Despite  all  this,  Karabakh, which became part of Khulagid possessions, experienced the development  of crafts, commerce and culture. In the

14th  century, especially under the rule of Sultan Abu-Said, Khulagid coins were minted here. In fact, many of Karabakh’s historical monuments belong  to this period.[ref]History of Azerbaijani archirecture; E. Pakhomov, mausoleum towers in Barda and their inscriptions[/ref]  In  the late

15th  century, great conqueror Timur entered  Karabakh.[ref]Zeynaddin Qazwini, Zeyl-e Tarihe-goside, Baku, 1990, p. 27-30[/ref] His incursions inflicted serious damage  to Karabakh.

In the early 15th  century, the region became the venue of clashes between    the   Timurids   and   the state  of  Kara  Koyunlu[ref].  In  1408, the Timurid rule in Azerbaijan was ended, while in 1410 Kara Yusif captured  Tabriz and  seized power. The Azerbaijani state  of Kara Koyunlu emerged, covering Karabakh, Southern Azerbaijan and Arab Iraq.Zeynaddin Qazwini, p. 27-30[/ref]

15–17th centuries

There  were  three  major states in  Azerbaijan  in  the  15th    century
–  Shirvan, Kara  Koyunlu  and  Ak Koyunlu. The territories of Kara Koyunlu and Ak Koyunlu covered the south  of Azerbaijan and Karabakh, stretching to the Kura in the north, including Ganja and  Shamkir.[ref]Y. Mahmudov, Relations of Ak Koyunlu and Safavid states with West European countries, Baku, 1991, p. 31[/ref] In the  late  15th    century,  there  were only two  major Azerbaijani  states, Ak Koyunlu and Shirvan.[ref]I. Petrushevskiy, Azerbaijani states in the 15th century, Baku,1949, p. 165; S. Farzaliyev, Azerbaijan in the 15-16th centuries, Baku, 1983, p. 113[/ref]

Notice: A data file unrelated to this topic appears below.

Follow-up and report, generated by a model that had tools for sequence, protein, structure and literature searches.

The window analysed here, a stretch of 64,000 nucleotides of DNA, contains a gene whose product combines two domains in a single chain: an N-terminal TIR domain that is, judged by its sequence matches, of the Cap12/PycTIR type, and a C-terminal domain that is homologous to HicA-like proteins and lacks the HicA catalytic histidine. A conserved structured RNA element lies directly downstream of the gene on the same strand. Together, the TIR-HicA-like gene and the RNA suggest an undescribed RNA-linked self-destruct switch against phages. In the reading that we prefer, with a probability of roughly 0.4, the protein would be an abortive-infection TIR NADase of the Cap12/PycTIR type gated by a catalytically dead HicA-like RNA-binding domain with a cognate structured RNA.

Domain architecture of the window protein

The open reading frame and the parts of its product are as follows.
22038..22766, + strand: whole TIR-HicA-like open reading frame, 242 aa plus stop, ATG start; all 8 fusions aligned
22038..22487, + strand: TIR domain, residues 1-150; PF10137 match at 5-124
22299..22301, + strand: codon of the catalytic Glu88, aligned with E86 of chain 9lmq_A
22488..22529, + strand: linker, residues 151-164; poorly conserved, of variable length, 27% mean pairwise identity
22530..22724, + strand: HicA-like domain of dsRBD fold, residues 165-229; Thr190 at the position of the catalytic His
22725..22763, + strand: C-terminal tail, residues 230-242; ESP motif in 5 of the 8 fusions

After  killing Jahanshah  of Kara Koyunlu,  Uzun Hasan Ak  Koyunlu sent his elder son Khalil to Tabriz and seized  the  throne  in Azerbaijan.[ref]S. Farzaliyev, mentioned work, p. 103; S. Onullahi,  History of Tabriz of the 13-18th centuries, Baku, 1982[/ref]

However,  the  death  of the  last Ak Koyunlu ruler Yagub led to domestic strife  which  eventually weakened the state. Emir Yarahmed Karaman, a descendant  of Oghuz tribes who earlier possessed  Karabakh, seized power  in Azerbaijan  in 1496.[ref]I. Petrushevskiy, Description of the history of feudal relations in Azerbaijan and Armenia, Leningrad, 1949, p. 163[/ref]  In fact, coins were minted in his name in Karabakh.[ref]E. Pakhomov, Coin hoards, Edition 1, p. 28[/ref]

In 1501, the Safavid Azerbaijani state was established by Shah Ismayil I.[ref]S. Farzaliyev, mentioned work, p. 113; S. Onullahi,  mentioned work[/ref] Karabakh and the rest of Azerbaijan found themselves under the  rule of  the  Safavids. The Ziyadoglu family, descendants of the  Kajars,  ruled  the  Karabakh.

Beglarbegi, one of the four components  of the Safavid state, for over two  centuries. The  Karabakh Beglarbegi with the center in Ganja covered the area between  the Kura and  Aras rivers,  including  Barda, Bargushat, Akhstabad, Arasabar, Javanshir, and some Georgian territories[ref]A. Rahmani, Azerbaijan in the late 16th and 17th centuries, Baku, 1981, p. 88[/ref]

When Mustafa Pasha conquered Azerbaijan  (1578) under  the  rule of Ottoman sultan Murad III  (1574-1594), Farhad Pasha marched through  Georgia and entered Karabakh where he stationed Ottoman troops. As a result of the Ottoman-Safavid war, a significant proportion of the Turkic population of Karabakh left the  region. In the early 17th  century, an uprising broke out in Karabakh, but in 1606 Shah Abbas I suppressed it and appointed Davud Khan as Beglarbeg of Karabakh, thus putting an end to the rule of Kajars in Karabakh. However, after the death of Shah Abbas I the Kajars   regained  control  over  the Karabakh Beglarbegi.

Therefore, for the entire duration of the period described in the article Karabakh remained an integral part of  Azerbaijan. The vast majority of  its  population   was formed by Albanian and then Azerbaijani tribes.